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Mineral formula: CaCO3

Mineral group: the Calcite Group

Crystal system: trigonal

Crystal habit: Over 800 different forms of calcite crystals have been described. Most commonly it occurs as acute rhombohedrons or prismatic with scalenohedral terminations, or combinations of the two.

Cleavage: perfect on {1011}

Fracture: conchoidal

Color: white, colorless, yellow, red, orange, blue, green, etc.

Luster: vitreous, sub-vitreous, resinous, waxy, pearly

Diaphaneity: transparent, translucent

Moh’s scale hardness: 3

Streak: white

Specific gravity: 2.7102

Named after:  Named as a mineral by Gaius Plinius Secundus (Pliny the elder) in 79 from Calx, Latin for Lime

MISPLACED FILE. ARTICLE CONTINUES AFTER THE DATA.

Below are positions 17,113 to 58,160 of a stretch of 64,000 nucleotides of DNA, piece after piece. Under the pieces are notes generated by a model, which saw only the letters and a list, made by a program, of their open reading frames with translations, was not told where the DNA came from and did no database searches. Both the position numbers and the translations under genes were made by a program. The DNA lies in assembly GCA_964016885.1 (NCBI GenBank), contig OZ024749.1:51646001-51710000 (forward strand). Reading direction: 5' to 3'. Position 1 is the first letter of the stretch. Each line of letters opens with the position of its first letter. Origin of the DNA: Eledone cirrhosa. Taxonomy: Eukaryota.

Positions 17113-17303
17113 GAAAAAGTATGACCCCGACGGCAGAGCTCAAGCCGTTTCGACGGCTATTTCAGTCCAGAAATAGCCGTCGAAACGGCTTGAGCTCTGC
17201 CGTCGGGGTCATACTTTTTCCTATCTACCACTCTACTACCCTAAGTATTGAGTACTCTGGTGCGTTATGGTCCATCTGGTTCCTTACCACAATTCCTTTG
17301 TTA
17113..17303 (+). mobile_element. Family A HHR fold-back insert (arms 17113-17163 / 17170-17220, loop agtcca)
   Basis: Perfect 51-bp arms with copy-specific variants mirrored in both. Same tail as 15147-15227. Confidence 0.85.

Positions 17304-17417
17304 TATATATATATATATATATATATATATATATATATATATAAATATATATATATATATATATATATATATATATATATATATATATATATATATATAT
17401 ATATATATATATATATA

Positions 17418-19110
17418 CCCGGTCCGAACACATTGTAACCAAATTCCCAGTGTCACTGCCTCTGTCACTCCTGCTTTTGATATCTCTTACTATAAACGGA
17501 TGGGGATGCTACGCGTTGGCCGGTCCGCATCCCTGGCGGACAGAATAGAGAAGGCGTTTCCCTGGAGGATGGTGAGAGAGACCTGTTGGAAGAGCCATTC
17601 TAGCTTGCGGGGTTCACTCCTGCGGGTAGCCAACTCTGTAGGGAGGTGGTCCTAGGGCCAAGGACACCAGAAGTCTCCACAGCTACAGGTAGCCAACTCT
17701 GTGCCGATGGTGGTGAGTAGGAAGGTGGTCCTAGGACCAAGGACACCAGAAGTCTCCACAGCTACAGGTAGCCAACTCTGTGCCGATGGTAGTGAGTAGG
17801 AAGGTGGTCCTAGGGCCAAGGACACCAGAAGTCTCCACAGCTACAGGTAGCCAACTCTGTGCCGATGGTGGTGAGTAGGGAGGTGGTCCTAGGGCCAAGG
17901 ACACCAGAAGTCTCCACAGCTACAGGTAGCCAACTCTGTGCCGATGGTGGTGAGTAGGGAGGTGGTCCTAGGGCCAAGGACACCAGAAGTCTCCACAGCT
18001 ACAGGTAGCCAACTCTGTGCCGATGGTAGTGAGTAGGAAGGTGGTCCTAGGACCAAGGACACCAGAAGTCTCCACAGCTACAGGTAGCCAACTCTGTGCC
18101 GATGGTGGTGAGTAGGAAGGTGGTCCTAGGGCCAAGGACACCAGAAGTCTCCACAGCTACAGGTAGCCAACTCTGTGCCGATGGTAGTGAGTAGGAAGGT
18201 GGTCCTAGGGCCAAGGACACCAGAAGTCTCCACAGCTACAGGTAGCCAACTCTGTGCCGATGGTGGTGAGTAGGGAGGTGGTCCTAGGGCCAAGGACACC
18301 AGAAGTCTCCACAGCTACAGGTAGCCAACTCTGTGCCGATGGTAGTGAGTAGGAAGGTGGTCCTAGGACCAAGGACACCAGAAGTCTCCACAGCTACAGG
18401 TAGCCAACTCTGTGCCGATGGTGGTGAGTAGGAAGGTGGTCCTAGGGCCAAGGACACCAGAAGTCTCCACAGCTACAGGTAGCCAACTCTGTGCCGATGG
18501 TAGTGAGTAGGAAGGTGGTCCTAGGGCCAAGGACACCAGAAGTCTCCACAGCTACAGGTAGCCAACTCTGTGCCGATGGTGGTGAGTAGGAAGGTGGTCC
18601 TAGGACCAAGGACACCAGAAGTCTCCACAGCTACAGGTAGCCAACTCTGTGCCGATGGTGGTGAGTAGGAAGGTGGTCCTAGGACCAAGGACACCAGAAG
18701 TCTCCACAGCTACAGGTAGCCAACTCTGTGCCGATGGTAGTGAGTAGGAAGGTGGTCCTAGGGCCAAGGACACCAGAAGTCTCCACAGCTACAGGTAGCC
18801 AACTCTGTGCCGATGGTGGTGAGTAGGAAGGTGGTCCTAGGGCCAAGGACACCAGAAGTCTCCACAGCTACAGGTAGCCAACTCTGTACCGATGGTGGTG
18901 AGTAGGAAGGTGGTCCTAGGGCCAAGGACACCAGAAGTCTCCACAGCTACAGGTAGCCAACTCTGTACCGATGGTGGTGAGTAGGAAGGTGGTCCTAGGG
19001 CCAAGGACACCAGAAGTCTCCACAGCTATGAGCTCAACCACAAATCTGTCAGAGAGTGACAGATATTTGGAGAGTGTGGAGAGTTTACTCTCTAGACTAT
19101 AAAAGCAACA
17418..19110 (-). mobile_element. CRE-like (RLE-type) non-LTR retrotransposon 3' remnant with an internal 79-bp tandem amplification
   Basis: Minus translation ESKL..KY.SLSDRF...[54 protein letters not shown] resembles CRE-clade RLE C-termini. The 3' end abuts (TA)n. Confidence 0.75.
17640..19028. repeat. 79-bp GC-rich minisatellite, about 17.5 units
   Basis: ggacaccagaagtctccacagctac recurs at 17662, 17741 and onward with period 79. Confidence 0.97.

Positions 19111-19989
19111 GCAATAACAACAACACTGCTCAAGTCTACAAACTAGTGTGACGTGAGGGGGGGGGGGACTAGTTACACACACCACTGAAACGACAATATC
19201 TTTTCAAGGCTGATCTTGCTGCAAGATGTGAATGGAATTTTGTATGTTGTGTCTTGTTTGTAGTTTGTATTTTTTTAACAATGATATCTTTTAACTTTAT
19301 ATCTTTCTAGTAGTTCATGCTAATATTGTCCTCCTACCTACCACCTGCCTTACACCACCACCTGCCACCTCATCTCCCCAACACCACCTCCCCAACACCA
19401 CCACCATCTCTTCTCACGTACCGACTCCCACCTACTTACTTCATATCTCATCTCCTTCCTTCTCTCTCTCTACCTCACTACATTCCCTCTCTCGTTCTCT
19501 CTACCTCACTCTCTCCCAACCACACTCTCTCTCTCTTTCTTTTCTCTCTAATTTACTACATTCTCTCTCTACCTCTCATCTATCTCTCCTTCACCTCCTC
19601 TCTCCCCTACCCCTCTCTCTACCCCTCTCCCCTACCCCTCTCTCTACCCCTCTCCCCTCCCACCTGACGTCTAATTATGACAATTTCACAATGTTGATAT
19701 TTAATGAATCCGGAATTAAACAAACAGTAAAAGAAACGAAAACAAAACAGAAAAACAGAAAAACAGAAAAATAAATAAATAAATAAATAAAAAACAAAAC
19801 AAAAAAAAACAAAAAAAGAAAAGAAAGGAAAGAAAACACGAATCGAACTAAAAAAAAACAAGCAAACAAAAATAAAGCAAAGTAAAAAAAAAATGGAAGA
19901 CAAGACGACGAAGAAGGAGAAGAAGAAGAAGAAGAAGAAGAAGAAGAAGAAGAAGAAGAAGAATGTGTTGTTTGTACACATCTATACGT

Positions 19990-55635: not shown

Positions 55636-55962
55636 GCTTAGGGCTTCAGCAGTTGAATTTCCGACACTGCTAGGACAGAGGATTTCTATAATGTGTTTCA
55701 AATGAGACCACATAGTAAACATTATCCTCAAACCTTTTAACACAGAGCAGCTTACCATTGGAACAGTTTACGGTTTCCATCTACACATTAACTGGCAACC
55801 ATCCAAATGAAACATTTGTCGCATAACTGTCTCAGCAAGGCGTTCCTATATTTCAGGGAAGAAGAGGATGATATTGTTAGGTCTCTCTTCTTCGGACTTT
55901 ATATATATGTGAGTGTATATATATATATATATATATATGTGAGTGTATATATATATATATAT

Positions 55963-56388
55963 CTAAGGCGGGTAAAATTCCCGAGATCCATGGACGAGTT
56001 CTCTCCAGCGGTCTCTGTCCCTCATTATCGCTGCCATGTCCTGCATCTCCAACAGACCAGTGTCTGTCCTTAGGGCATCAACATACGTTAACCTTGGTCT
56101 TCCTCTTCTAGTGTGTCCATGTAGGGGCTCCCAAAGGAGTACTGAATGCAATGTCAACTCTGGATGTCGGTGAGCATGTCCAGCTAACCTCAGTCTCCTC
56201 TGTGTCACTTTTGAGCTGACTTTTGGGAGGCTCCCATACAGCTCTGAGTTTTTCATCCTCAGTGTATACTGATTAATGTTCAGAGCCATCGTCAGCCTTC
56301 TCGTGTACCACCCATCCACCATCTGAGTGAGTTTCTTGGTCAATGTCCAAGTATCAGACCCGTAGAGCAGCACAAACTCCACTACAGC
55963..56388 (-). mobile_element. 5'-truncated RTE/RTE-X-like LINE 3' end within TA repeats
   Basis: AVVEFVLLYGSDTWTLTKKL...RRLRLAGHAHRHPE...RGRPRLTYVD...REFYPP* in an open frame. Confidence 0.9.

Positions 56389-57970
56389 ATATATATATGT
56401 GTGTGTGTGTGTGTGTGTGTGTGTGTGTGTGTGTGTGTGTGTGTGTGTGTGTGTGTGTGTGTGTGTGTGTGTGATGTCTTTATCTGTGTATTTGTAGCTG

Geological occurrence:  One of the most ubiquitous of minerals, calcite is ound in most geologic settings and as a later forming replacement mineral in most other environments in one form or another. It is most common as massive material in limestones and marbles. It forms as chemical sedimentary deposits as limestone, can be regionally or contact metamorphosed into marbles and rarely forms igneous rocks (carbonatites). Also is a common gangue mineral in hydrothermal deposits.